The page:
HHS raised three basic objections to the creation of a federal intermediary. "In the first place," Master told The Heritage Foundation in June 1983, "we already have enough federal levels. The states should move into the pivotal role as coordina- tor or intermediary. They could respond immediately to problems faced by high-risk youth programs--particularly in the area of juvenile justice vis-k-vis state laws and regulations. Second, there was the problem of funding. Although Act Together was a private organization, it was almost wholly dependent on the federal government for support. Yet, there was no time plan or serious objective set for getting Act Together off the federal dole. Third, there was the problem of evaluation--from all sides. In evaluating the success of Act Together, how objective can the federal folks who created Act Together be about their own baby; it can only succeed. And how objective can Act Together be in evaluating its demonstration projects; if they fail, Act Together will look bad. It requires a.great deal of dispassion to evaluate human service programs, and one can't be an advocate for a specific project and a dispassionate observer simultaneously."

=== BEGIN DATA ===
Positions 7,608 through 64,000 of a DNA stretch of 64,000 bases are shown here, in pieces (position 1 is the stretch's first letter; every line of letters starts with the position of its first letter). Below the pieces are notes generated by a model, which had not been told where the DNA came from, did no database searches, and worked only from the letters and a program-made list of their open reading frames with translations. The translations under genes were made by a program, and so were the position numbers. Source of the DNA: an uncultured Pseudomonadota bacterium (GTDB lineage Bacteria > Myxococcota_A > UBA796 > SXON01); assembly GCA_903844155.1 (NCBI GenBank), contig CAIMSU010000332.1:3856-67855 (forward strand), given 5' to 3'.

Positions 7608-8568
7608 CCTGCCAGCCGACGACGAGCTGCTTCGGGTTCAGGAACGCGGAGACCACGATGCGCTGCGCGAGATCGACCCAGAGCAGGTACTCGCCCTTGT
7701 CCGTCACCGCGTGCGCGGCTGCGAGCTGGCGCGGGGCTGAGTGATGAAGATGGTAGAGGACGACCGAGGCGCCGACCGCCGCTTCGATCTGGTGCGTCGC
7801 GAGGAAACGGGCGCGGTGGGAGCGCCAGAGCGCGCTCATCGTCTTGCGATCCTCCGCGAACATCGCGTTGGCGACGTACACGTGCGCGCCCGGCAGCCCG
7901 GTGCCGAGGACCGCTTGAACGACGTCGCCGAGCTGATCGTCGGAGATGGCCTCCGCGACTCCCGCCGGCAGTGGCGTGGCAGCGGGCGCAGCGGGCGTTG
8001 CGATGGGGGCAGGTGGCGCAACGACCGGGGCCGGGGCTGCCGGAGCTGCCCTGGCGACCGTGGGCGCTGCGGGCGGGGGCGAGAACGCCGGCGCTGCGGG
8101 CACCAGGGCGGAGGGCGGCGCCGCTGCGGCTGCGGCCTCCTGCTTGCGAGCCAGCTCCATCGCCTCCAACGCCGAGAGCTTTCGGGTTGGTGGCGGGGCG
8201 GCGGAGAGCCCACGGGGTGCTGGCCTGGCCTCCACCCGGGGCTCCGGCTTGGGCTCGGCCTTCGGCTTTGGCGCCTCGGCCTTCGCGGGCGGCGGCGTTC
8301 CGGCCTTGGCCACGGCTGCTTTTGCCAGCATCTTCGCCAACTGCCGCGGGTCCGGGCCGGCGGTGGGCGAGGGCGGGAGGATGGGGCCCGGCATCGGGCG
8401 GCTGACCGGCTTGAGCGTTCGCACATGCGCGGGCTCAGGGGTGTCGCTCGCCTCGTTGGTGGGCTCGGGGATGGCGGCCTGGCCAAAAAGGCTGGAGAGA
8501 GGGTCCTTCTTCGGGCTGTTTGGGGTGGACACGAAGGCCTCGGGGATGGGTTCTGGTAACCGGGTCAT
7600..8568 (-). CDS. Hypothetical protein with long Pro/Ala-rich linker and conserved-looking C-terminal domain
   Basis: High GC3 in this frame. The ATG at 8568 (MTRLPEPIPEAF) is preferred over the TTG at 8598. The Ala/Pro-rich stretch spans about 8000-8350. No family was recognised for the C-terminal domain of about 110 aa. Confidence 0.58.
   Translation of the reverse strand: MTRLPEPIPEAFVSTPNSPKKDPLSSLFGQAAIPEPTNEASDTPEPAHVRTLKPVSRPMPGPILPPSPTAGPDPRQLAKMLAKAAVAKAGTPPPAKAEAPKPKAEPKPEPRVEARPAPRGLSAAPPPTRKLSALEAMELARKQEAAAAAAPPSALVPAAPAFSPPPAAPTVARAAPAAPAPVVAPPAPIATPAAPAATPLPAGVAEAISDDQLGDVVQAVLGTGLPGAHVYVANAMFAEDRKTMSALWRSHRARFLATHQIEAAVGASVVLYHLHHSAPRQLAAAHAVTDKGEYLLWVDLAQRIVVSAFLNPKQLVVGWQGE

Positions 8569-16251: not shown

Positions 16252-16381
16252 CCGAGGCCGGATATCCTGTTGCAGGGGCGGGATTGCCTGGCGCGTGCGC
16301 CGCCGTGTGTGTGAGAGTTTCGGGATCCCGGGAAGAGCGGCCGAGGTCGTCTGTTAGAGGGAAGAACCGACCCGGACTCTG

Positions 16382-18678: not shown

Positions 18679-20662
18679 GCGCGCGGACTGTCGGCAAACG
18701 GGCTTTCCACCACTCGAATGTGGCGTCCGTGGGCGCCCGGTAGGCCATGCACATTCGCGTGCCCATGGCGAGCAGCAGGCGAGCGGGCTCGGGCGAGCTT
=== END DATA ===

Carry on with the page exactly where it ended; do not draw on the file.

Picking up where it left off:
Another problem with Act Together was the apparent self- serving role of some of its strongest supporters, such as Tom Scanlon of Benchmark, Inc. When Act Together was trying to 6get HHS funding, Scanlon visited at least one U.S. Congressman, who later wrote a personal letter to Secretary Schweiker supporting Act Together. Scanlon's Benchmark, Inc., eventually received over $150,000 in consulting fees from Act Together.

Act Together executive director Joyce Strom became the focus of a heated exchange between the legal offices of HHS and Act Together's legal counsel Peter Edelman over Strom's former connec- tions with HHS. Prior to being hired as executive director of Act Together, Strom had served as a Carter appointee at HHSI- Children and Youth Services. Had Strom been an advocate of Act Together when it was on the drawing board? If so, was her present lobbying in favor of HHS funding of Act Together (she joined

6 Joseph M. McDade (R-PA).